Assembling Self-Supporting Structures

Mario Deuss, Daniele Panozzo, Emily Whiting, Yang Liu, Philippe Block, Olga Sorkine-Hornung, Mark Pauly

Masonry assembly

We propose a construction method for self-supporting structures that uses chains, instead of a dense formwork, to support the blocks during the intermediate construction stages. Our algorithm finds a work-minimizing sequence that guides the construction of the structure, indicating which chains are necessary to guarantee stability at each step. Top left: a self-supporting structure; Bottom: an intermediate construction stage with dense formwork and an intermediate construction stage with our method; Top right: the assembled model.


Self-supporting structures are prominent in historical and contemporary architecture due to advantageous structural properties and efficient use of material. Computer graphics research has recently contributed new design tools that allow creating and interactively exploring self-supporting freeform designs. However, the physical construction of such freeform structures remains challenging, even on small scales. Current construction processes require extensive formwork during assembly, which quickly leads to prohibitively high construction costs for realizations on a building scale. This greatly limits the practical impact of the existing freeform design tools. We propose to replace the commonly used dense formwork with a sparse set of temporary chains. Our method enables gradual construction of the masonry model in stable sections and drastically reduces the material requirements and construction costs. We analyze the input using a variational method to find stable sections, and devise a computationally tractable divide-and-conquer strategy for the combinatorial problem of finding an optimal construction sequence. We validate our method on 3D printed models, demonstrate an application to the restoration of historical models, and create designs of recreational, collaborative self-supporting puzzles.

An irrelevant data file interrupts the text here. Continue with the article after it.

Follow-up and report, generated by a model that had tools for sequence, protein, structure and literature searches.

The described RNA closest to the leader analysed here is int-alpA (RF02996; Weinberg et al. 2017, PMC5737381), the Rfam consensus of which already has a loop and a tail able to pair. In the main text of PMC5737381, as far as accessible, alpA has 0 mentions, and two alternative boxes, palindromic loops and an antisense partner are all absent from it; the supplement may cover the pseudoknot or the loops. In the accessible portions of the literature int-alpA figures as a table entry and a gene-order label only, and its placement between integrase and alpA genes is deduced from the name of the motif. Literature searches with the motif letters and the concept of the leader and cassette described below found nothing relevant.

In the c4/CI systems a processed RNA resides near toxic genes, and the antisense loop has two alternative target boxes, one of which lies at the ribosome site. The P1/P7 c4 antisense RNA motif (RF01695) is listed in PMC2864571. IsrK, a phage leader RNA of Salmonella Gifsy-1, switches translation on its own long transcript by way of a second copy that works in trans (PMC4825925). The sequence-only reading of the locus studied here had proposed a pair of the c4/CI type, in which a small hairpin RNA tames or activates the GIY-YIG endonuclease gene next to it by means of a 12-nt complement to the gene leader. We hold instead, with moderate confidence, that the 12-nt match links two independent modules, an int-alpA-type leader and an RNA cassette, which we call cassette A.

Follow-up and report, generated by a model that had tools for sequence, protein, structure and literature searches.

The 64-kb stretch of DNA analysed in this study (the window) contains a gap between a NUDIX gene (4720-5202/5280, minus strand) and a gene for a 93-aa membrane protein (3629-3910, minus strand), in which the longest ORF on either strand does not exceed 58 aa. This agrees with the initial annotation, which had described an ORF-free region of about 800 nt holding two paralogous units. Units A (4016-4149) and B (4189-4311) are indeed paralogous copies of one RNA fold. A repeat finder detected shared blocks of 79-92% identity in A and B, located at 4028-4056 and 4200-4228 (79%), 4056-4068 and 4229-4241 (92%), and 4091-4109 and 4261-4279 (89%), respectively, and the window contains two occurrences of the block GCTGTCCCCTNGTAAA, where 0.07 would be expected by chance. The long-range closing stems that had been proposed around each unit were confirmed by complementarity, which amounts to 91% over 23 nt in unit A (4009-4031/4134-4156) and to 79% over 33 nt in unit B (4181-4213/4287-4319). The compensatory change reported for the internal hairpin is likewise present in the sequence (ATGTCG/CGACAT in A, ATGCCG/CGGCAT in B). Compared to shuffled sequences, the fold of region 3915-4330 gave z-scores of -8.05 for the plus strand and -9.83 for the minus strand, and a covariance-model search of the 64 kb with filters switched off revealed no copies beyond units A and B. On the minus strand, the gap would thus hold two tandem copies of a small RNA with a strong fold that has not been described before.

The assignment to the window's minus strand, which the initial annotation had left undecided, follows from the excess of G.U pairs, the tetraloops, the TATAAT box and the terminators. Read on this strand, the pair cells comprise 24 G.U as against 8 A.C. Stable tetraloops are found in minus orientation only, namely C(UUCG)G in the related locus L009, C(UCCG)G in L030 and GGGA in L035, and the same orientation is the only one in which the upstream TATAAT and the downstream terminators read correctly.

accompanying video


We thank: Hao Pan and Xiaoming Fu for providing their source code and support. Etienne Vouga, Fernando de Goes, Ramon Weber and Matthias Rippmann for providing datasets. Bailin Deng, Andrea Tagliasacchi and Sofien Bouaziz for inspiring discussions. This research was supported in part by the SNF Grant (200021-137626) and received funding from the European Research Council under the European Union’s 7th Framework Programme (FP/2007-2013)/ERC Grant Agreement 257453, ERC Starting Grant COSYM and ERC Starting Grant iModel (StG-2012-306877).